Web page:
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Mikaelsen, Ben

New York : HarperCollins, 2002
IL 5-8, RL 4.1
ISBN 0060012285

(3 booktalks)

Booktalk #1

Santiago's father once told him that changes do not always ask our permission.  Little did Santiago know how true that would become in his life.  When the soldiers came to his town in Guatemala that night, men, women and children were killed and the village was burned.  Twelve-year-old Santiago and his four-year-old sister Angelina escape the soldiers terror.  Now, there is only one hope for the two children.  They must travel to their Uncle's home.  It is not an easy journey and it may take several days.  When they reach their Uncle's home, they will begin the next part of their journey.  They have made a promise to escape to the United States and tell the people about the butchery of the Guatemalan soldiers.  But is it even possible?  They have only a small sea kayak and a big ocean between them and freedom.  There are also soldiers, pirates and sharks.  Not to mention storms.  How can two small children with no sailing experience ever hope to find freedom?  Join Santiago and Angelina as they journey towards the unknown.

Booktalk #2

Santiago is one of the indigenos, the “first people”.  His family and fellow villagers are descendants of the Mayan people.  He lives in Dos Vias, Guatemala.  But life has changed for the “first people” in 1981, soldiers have come and they are murdering anyone in their way.  Until one day, it is Santiago’s family that is in the way.  Then one night the sky is filled with gunfire, a red midnight, and all of Santiago’s family is murdered except his four-year-old sister, Angelina.  His uncle’s dying words are to take his boat and sail to the United States to be free.  But Santiago has only pretended to be a sailor.  Can he keep his sister and himself alive on the treacherous trip? (Jill Sessions,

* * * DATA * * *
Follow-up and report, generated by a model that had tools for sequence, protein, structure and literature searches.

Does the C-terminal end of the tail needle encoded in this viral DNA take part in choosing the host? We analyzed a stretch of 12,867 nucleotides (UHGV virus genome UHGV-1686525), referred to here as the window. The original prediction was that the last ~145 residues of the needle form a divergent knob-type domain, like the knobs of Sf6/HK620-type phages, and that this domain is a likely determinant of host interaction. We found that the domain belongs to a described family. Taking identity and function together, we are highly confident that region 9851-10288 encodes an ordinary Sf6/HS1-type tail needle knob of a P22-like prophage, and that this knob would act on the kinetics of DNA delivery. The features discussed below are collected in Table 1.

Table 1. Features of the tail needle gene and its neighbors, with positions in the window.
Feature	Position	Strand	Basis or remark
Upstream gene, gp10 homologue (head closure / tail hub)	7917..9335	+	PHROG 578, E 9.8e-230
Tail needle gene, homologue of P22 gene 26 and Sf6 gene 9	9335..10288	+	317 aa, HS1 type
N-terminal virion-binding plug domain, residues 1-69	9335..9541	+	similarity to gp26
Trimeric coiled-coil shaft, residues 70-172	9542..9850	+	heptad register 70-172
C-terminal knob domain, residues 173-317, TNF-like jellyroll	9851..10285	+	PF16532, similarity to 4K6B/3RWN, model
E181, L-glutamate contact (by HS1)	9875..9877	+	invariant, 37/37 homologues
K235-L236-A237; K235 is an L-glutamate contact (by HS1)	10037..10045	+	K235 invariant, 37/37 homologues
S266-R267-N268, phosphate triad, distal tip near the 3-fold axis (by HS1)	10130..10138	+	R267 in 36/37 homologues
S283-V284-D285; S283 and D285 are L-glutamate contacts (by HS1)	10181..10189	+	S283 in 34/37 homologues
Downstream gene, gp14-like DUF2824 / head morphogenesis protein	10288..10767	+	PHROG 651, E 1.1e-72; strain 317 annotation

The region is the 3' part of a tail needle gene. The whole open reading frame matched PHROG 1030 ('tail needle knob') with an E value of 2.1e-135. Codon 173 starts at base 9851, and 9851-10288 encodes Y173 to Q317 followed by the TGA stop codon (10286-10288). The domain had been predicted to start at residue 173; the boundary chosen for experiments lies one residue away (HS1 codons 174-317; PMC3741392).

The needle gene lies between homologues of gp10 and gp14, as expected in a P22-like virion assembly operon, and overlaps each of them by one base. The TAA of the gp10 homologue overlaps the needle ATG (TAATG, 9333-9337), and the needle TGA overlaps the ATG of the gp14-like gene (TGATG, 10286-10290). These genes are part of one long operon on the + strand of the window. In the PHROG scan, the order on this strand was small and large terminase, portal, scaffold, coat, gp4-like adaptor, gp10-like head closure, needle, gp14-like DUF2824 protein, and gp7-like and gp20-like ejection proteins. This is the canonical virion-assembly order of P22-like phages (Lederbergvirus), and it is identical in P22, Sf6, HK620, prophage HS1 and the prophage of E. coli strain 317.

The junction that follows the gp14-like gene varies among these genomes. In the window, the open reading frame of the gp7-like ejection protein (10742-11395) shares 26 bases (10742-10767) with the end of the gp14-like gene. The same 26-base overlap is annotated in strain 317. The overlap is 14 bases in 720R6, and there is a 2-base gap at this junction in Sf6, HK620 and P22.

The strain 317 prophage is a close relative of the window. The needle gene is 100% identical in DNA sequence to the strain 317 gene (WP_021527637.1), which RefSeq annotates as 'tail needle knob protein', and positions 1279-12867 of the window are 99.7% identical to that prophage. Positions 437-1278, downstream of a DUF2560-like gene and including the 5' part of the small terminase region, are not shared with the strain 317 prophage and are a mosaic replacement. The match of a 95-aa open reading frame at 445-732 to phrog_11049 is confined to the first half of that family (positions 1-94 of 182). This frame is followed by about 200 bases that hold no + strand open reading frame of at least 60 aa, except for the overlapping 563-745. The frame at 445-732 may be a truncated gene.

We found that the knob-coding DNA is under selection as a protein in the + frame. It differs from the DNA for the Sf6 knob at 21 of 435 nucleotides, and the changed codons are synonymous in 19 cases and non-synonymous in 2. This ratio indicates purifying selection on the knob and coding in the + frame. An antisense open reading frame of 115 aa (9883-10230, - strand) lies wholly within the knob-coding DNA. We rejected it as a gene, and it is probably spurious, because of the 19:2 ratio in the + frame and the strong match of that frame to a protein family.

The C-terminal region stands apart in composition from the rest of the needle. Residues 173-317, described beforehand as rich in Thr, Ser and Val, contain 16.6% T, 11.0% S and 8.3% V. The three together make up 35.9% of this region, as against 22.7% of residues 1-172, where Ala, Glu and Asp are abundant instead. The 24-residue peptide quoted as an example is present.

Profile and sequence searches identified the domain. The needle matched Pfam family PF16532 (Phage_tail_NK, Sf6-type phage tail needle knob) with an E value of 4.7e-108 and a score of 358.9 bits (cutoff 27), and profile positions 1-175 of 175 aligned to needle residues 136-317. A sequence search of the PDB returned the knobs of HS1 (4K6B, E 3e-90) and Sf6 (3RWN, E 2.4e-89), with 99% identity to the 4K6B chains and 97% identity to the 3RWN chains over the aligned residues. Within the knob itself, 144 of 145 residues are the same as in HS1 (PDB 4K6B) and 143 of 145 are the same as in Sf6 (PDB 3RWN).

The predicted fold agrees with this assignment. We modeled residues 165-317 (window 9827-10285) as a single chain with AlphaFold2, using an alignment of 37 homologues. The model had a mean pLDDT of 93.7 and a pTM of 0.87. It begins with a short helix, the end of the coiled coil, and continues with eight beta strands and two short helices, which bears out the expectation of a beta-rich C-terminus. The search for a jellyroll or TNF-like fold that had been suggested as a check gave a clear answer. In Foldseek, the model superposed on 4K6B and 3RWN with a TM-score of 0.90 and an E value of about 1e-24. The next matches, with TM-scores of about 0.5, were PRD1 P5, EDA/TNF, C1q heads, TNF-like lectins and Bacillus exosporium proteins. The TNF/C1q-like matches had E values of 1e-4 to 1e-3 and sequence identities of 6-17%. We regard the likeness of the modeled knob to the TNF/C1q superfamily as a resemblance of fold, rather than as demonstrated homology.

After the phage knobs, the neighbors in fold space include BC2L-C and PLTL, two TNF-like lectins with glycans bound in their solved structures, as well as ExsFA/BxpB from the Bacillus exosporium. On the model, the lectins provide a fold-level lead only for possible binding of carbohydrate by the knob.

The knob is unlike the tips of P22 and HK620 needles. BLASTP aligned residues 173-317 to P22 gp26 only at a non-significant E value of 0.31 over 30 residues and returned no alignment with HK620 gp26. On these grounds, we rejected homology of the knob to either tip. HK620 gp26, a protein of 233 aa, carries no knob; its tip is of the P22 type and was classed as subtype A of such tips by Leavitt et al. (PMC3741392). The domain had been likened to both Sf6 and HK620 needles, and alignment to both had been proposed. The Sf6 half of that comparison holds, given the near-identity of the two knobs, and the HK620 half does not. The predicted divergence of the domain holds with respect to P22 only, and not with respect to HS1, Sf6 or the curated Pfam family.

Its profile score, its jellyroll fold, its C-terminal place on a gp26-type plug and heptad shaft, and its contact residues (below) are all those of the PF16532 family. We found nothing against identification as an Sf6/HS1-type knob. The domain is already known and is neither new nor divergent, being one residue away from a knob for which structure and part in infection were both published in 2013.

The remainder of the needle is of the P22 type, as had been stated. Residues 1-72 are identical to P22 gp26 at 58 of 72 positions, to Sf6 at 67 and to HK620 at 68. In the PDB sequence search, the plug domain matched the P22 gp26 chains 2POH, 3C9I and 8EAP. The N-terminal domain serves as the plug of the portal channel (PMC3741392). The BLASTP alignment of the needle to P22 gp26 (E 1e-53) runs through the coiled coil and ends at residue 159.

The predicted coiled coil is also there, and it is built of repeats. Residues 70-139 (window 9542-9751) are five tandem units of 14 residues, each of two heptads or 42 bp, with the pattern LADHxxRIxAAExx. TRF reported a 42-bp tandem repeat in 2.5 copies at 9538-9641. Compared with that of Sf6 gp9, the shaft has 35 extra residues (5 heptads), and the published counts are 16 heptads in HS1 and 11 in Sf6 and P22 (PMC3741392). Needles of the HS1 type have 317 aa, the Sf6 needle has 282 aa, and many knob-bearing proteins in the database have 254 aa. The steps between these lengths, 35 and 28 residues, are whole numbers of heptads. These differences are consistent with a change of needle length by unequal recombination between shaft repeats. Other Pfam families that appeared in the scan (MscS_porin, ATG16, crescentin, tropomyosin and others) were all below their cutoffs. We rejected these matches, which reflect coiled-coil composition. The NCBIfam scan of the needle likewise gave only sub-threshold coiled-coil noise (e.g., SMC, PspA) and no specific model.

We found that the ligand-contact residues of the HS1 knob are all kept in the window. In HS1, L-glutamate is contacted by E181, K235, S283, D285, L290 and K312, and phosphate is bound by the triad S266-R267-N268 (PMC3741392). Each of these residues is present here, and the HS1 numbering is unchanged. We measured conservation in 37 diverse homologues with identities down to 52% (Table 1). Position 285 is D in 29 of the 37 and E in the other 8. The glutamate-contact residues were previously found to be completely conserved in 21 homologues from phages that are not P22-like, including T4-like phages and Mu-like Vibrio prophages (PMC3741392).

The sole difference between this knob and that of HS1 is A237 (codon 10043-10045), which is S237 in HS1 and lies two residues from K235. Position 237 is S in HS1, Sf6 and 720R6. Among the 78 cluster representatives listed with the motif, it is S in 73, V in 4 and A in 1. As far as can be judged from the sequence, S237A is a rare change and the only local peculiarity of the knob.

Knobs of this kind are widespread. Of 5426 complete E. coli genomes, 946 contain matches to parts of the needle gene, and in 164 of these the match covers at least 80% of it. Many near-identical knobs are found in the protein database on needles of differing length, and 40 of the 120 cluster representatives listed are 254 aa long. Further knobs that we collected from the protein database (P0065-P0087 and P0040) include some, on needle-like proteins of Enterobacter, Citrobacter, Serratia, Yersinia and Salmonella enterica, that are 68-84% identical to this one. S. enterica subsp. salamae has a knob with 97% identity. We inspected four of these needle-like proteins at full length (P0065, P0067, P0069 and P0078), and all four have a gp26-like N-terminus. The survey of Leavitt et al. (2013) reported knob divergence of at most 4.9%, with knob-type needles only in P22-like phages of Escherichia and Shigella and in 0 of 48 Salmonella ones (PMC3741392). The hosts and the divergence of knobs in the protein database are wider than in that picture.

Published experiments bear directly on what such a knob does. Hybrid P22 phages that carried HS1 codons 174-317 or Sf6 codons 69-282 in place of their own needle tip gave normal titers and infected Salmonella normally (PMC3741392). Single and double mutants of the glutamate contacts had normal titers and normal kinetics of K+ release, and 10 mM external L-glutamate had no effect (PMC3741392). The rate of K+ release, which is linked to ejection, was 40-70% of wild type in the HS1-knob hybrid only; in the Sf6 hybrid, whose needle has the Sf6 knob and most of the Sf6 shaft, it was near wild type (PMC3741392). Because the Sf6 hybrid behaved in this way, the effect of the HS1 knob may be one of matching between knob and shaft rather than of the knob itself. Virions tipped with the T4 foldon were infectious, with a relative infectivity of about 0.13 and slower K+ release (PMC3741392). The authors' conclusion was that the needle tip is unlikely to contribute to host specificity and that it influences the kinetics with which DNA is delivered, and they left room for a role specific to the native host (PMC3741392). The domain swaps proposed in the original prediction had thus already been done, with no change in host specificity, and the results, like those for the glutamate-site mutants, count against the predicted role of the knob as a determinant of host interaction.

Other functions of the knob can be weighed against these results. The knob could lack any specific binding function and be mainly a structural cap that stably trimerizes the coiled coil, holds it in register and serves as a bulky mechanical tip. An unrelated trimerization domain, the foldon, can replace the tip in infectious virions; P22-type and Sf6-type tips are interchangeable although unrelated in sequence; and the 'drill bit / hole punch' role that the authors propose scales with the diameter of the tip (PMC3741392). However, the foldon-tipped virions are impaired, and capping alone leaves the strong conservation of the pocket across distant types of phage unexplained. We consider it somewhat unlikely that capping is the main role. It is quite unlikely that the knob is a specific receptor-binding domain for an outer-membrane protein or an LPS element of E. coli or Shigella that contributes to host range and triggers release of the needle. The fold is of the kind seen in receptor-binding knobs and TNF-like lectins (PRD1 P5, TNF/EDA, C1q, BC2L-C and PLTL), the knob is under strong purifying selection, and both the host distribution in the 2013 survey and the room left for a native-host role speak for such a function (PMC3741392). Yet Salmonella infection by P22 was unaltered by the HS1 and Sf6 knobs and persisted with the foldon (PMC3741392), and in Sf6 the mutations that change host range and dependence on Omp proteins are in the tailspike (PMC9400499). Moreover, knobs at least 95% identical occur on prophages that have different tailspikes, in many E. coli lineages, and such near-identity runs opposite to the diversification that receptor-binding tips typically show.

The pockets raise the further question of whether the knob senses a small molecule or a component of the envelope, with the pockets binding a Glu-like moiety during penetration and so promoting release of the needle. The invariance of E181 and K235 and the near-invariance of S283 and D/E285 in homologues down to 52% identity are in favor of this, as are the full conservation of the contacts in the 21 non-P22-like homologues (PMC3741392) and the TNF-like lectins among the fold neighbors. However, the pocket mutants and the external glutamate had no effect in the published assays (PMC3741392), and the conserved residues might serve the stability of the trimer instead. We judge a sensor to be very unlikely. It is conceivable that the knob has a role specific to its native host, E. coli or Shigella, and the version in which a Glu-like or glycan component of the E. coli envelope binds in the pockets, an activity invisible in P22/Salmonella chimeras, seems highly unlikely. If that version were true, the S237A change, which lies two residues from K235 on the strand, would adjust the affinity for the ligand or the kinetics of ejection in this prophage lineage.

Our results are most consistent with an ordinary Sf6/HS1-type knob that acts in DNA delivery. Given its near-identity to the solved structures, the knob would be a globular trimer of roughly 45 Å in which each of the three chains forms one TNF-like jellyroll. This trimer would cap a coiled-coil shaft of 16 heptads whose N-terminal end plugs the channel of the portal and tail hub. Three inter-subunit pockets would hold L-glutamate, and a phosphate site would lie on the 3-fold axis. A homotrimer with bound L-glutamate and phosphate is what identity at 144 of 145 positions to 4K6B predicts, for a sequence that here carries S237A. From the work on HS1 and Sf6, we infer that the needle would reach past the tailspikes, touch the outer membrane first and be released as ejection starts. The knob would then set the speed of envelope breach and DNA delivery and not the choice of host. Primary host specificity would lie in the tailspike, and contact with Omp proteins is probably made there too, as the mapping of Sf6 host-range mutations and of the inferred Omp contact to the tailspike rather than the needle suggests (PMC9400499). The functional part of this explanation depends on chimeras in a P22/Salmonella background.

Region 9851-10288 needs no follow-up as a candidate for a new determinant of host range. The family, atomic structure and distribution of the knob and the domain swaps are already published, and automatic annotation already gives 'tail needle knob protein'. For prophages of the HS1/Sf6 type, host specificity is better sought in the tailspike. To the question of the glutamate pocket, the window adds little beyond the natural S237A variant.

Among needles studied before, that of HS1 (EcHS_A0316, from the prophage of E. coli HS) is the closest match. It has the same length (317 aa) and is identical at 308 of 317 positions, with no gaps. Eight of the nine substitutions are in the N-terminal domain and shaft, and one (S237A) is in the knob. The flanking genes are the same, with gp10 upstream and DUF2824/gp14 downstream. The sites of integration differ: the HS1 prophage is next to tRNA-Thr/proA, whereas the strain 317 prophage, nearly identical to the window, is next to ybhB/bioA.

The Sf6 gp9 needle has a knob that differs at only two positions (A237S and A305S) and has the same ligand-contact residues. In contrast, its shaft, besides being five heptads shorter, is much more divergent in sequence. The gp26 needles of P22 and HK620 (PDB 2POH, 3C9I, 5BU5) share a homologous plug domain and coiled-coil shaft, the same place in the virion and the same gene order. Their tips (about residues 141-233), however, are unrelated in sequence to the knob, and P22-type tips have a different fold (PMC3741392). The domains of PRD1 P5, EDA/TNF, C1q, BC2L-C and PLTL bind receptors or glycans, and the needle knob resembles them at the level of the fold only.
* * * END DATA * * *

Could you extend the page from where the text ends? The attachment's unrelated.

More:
Booktalk #3

I remember the night my family died as if it were yesterday.  My mother woke me up in the middle of the night. She told me to take my four-year-old sister and run for our lives.  The soldieries were killing everyone in our mountainous village.  Where could we run?  The soldiers had to kill everyone so the world would not find out what they were doing.  I finally decided to go down to my dead uncles house on the coast.  He had a boat there.  Angelina and I had a terrible time sneaking away.  We had to do things that we would never have normally done.  When we got to my uncle’s house, we were lucky that one of his kind neighbors helped us.  They told us that we must take Uncle Ramos’s boat and try to make it to the United States.  I wondered was it possible for an inexperienced twelve-year-old and a four-year-old to sail from Guatemala to the United States in a small rickety boat?  I knew we had no choice.  If we stayed, we would be killed.  We might as well try to live.

Prepared by: Barbara Satkowski for South Carolina Junior Book Award 2005

SUBJECTS:     Guatemala -- Fiction.
                        Kayaks and kayaking -- Fiction.
                        Survival -- Fiction.
                        Emigration and immigration -- Fiction.


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